Irish Journal of Medical Science (1971 -)

, Volume 187, Issue 1, pp 189–192 | Cite as

Auditing the frequency and the clinical and economic impact of testing for Fabry disease in patients under the age of 70 with a stroke admitted to Saint Vincent’s University Hospital over a 6-month period

  • J. LambeEmail author
  • I. Noone
  • R. Lonergan
  • N. Tubridy
Brief Report



Fabry disease is an X-linked recessive lysosomal storage disorder that provokes multi-organ morbidity, including early-onset stroke. Worldwide prevalence may be greater than previously estimated, with many experiencing first stroke prior to diagnosis of Fabry disease.


The aim of this study is to screen a cohort of stroke patients under 70 years of age, evaluating the clinical and economic efficacy of such a broad screening programme for Fabry disease.


All stroke patients under 70 years of age who were entered into the Saint Vincent’s University Hospital stroke database over a 6-month period underwent enzyme analysis and/or genetic testing as appropriate for Fabry disease. Patients’ past medical histories were analysed for clinical signs suggestive of Fabry disease. Cost-effectiveness analysis of testing was performed and compared to overall economic impact of young stroke in Ireland.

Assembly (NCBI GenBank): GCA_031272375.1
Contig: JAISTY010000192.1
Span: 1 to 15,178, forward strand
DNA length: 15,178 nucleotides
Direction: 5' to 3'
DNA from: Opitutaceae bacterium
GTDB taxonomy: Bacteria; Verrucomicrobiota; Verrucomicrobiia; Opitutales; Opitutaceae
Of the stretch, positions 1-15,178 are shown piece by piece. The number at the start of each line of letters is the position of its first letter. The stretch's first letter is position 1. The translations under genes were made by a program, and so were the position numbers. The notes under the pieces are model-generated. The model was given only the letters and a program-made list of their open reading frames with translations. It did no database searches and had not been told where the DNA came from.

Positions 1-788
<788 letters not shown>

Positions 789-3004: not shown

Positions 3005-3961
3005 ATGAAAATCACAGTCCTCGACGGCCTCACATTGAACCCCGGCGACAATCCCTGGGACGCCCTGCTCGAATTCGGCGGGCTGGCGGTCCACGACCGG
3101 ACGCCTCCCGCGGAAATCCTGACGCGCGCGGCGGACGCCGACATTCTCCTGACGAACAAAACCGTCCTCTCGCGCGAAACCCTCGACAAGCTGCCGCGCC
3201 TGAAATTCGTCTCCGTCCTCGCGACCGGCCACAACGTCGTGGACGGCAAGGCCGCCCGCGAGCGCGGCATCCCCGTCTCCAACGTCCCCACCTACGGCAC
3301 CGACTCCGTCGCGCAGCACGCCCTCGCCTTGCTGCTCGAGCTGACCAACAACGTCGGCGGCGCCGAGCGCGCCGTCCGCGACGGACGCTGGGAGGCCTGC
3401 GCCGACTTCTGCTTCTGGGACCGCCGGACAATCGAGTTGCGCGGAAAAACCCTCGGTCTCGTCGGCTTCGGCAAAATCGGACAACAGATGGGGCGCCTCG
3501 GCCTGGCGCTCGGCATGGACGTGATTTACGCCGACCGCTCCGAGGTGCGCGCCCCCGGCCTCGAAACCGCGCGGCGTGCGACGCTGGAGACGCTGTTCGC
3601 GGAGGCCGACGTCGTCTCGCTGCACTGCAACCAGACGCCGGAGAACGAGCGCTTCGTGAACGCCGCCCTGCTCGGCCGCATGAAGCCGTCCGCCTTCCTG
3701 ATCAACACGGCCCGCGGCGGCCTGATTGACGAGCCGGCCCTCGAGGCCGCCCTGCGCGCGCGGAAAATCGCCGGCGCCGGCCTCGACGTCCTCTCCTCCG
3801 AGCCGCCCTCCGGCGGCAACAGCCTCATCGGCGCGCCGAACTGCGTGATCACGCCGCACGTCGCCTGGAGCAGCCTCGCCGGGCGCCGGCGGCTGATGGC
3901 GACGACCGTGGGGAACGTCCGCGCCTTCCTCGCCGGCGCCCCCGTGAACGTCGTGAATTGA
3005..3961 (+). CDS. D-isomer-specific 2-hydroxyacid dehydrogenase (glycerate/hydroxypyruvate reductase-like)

Of 22 patients tested for Fabry disease, no new cases were detected. Few clinical indicators of Fabry disease were identified at the time of testing.


Broad screening programmes for Fabry disease are highly unlikely to offset the cost of testing. The efficacy of future screening programmes will depend on careful selection of an appropriate patient cohort of young stroke patients with multi-organ morbidity and a positive family history.



Fabry testing was funded by Shire Pharmaceuticals Ireland. The authors wish to thank Lou Donovan in particular for her assistance in facilitation of testing.

Compliance with ethical standards

Informed consent was obtained from all individual participants included in the study. All procedures performed in studies involving human participants were in accordance with the ethical standards of the institutional and/or national research committee and with the 1964 Helsinki declaration and its later amendments or comparable ethical standards.

Competing interests

The authors declare that they have no conflict of interest.


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Copyright information

© Royal Academy of Medicine in Ireland 2017

Authors and Affiliations

  1. 1.Department of NeurologySaint Vincent’s University HospitalDublinIreland
  2. 2.Department of StrokeSaint Vincent’s University HospitalDublinIreland

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